Anytime I show up somewhere with my little army of plants, I hear the same story: “I kill everything.”
Now, in order to do what I’m doing, I had to kill a lot of plants. It’s not that I’m a terrible person, or that I was negligent (okay, sometimes that was true) but I was just learning. We would never in a million years tell our kids to quit something because of one or two failures, and yet that is the narrative I hear over and over again.
Ladies, let’s be real here. Plants needs two things: water and light. Plants can die because of 4 things: too much water, too little water, too much light, too little light. It doesn’t have to be hard. You just have to know what you’re dealing with and how to handle it. Like anything else, that takes time and practice. I promise you will not be blacklisted from ever owning house plants because of that one gift a friend gave you that bit the dust or for buying a plant that croaked a few days later. I had that happen to $60 worth of geraniums once – and while I did feel some shame over wasting that much money, I didn’t stop a thing that was overall bringing me a lot of enjoyment. I merely attempted to hide that purchase from my husband.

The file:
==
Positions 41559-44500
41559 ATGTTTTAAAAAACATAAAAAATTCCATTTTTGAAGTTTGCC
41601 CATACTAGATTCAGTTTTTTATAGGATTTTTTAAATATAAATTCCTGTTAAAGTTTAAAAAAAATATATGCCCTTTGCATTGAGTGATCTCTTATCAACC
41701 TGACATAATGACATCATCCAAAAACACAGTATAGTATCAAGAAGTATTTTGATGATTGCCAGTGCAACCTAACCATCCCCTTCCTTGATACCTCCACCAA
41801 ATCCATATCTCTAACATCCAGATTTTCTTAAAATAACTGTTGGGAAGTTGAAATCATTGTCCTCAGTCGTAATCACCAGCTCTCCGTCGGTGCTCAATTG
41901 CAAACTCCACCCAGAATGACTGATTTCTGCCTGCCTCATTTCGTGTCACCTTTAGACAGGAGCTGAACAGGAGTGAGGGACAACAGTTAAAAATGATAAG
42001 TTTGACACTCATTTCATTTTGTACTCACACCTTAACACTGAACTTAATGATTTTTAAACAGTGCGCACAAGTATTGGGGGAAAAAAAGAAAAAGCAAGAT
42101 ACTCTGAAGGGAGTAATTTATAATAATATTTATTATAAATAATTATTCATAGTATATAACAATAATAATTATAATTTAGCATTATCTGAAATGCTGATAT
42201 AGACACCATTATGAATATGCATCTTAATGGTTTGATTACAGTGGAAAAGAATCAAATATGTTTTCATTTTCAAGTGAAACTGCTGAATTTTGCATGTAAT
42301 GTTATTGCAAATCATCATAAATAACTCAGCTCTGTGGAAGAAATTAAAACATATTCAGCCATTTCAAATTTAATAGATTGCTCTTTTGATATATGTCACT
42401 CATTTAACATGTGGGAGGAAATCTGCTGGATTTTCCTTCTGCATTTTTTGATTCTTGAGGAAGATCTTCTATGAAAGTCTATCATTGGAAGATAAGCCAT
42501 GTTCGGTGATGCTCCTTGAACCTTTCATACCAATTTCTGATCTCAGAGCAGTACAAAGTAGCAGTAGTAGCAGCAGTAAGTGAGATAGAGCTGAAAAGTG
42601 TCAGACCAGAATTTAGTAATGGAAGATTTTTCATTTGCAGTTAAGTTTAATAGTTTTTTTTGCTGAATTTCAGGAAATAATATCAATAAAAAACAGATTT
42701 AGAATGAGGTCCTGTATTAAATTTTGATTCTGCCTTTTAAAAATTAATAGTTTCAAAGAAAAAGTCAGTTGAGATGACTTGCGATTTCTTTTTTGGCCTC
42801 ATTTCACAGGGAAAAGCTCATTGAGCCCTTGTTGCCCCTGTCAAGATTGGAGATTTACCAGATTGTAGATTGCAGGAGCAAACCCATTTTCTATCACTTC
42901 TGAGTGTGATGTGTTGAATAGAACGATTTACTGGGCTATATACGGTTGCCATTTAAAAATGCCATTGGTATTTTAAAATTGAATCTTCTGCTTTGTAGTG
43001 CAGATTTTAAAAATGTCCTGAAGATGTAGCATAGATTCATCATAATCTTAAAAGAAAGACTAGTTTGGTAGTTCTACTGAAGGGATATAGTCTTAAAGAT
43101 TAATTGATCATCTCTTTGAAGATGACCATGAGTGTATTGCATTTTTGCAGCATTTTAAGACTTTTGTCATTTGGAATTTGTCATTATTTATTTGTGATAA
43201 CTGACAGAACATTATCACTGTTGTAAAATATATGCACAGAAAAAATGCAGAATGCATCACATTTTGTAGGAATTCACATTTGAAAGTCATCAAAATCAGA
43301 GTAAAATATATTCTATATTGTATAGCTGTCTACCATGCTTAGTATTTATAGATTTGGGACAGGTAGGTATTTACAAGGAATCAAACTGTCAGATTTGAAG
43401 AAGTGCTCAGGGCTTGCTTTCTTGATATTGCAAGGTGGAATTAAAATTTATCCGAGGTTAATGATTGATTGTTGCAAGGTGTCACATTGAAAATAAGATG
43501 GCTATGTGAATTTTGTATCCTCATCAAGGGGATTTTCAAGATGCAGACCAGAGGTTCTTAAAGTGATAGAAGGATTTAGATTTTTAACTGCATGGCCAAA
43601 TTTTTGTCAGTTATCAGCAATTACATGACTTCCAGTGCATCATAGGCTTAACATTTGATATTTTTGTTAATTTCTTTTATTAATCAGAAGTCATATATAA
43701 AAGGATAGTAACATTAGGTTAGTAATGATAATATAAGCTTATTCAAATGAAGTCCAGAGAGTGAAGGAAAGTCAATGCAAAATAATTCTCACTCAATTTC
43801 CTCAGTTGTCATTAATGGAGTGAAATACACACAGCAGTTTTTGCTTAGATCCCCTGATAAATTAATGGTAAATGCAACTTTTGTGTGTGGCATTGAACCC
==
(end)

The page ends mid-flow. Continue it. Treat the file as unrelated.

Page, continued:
Human are wired to love nature.
Our brains know to appreciate its color and form, we are often stopped in our tracks by a beautiful scene. How wonderful is it that you can bring a small part of that in your house? You could be sitting in your living room, sipping tea and binge watching Escape to the Country on Netflix, while a growing plant livens up the space. Oh, and PS, it’s also quietly removing toxins from the air. Like what is that? Why would you want to miss that opportunity because of a few misses?
From one former black thumb to another, you’ve got this. If a plant is speaking to you, give it a shot. If it doesn’t work out, compost that plant carcass and try something else. And if it does, then there goes that excuse to not buy plants. You may well become a member of my plant hoarding club (you don’t have to go there if you don’t want to).